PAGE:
California’s New Listed Transaction
New California Specific Corporate Listed Transaction Designated – Immediate Action May Be Required
FTB Notice 2011-01
For the first time in eight years, the California Franchise Tax Board (FTB) has expanded its list of “tax shelters.” FTB Notice 2011-01designates as California listed transactions certain partnership arrangements that it deems to be abusive tax avoidance transactions. With this designation comes a number of reporting requirements and potential penalties. The designated transactions encompass certain arrangements with a partnership (or any pass-through entity classified as a partnership for California tax purposes) that increase the denominator of the California sales factor, thereby reducing the income apportionable to California for franchise or income tax purposes. It joins two other California listed transactions, which were both added when the program was started in 2003. This addition to the enumerated listed transactions was issued without prior public warning to taxpayers. The most urgent impact of this provision is the new requirement that companies now disclose these transactions in order to avoid nondisclosure “strict liability” penalties. Disclosure may be required immediately depending on facts and circumstances as more fully described herein. In addition, we anticipate stepped-up audits of any companies with partnerships in their structure.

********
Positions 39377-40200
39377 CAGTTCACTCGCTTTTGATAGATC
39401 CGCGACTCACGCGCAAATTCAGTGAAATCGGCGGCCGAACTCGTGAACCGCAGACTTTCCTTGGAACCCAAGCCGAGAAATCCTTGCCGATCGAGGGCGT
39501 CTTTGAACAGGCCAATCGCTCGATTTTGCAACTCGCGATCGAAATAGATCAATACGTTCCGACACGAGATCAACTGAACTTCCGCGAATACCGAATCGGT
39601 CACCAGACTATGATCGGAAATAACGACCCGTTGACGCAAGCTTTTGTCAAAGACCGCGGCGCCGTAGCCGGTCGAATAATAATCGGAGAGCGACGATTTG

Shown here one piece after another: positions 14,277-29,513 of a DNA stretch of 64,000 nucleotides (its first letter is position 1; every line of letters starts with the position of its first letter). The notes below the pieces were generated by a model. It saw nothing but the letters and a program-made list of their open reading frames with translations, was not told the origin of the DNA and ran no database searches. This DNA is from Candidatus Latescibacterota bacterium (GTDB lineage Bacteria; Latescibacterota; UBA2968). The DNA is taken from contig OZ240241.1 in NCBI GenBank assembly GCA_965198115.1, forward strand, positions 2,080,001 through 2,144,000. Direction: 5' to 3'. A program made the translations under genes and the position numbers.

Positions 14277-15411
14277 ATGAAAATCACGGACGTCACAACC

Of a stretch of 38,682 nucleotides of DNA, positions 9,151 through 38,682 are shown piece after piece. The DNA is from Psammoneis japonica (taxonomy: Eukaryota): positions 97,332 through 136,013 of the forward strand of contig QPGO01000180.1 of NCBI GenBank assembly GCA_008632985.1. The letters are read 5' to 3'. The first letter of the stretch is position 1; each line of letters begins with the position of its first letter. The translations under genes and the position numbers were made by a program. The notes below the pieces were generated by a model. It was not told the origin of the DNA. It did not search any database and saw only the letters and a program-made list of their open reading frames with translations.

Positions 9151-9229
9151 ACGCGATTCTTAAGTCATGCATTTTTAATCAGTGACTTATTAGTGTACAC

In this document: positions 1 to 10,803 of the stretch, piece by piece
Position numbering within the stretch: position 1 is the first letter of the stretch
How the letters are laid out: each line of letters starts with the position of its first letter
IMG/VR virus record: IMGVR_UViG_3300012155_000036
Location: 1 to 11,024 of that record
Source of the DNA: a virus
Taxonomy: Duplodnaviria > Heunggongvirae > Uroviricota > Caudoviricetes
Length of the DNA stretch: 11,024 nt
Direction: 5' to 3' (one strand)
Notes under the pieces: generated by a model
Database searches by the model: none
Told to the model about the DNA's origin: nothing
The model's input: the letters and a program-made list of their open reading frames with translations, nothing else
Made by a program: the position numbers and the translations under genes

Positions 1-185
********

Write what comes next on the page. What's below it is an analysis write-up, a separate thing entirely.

The “Abuse” California is Seeking to Address
According to California Regulation 25137-1(f)(3), a partnership’s sales which give rise to business income are included in the sales factor of the corporate partner taxpayer if the partnership and corporate partner conduct a unitary business. Intercompany sales between the partnership and a corporate partner taxpayer are eliminated. However, sales made by the partnership to a nonpartner are included by the corporate partner in an amount equal to the partner’s interest in the partnership.
The FTB’s concern lies with certain structures created to apply this regulation in a manner that would inflate the denominator of a corporate group’s sales factor and drive down the income apportioned to California. The Notice provides two generic examples of disfavored structures. For clarity, we provide the following example in a manufacturing context:
Corporation A, B, and C are all members in a unitary business and file in the same combined return. Corporation A and B each operate a manufacturing plant outside of California that make widgets. Corporation C contains the sales force that solicits sales to customers within and without California. Corporations A and B sell the widgets to Corporation C, which then resells the product to customers. In the combined return, sales made by Corporation A and B to Corporation C are eliminated when computing the California sales factor.
Corporation A and B organize a partnership and contribute the manufacturing facilities to partnership. The partnership then sells the widgets to Corporation C, which are delivered at the manufacturing facilities. Corporation C then sells and delivers the widgets to its customers. Under this new structure, the sale between the partnership and Corporation C would be included in the sales factor, doubling the California denominator.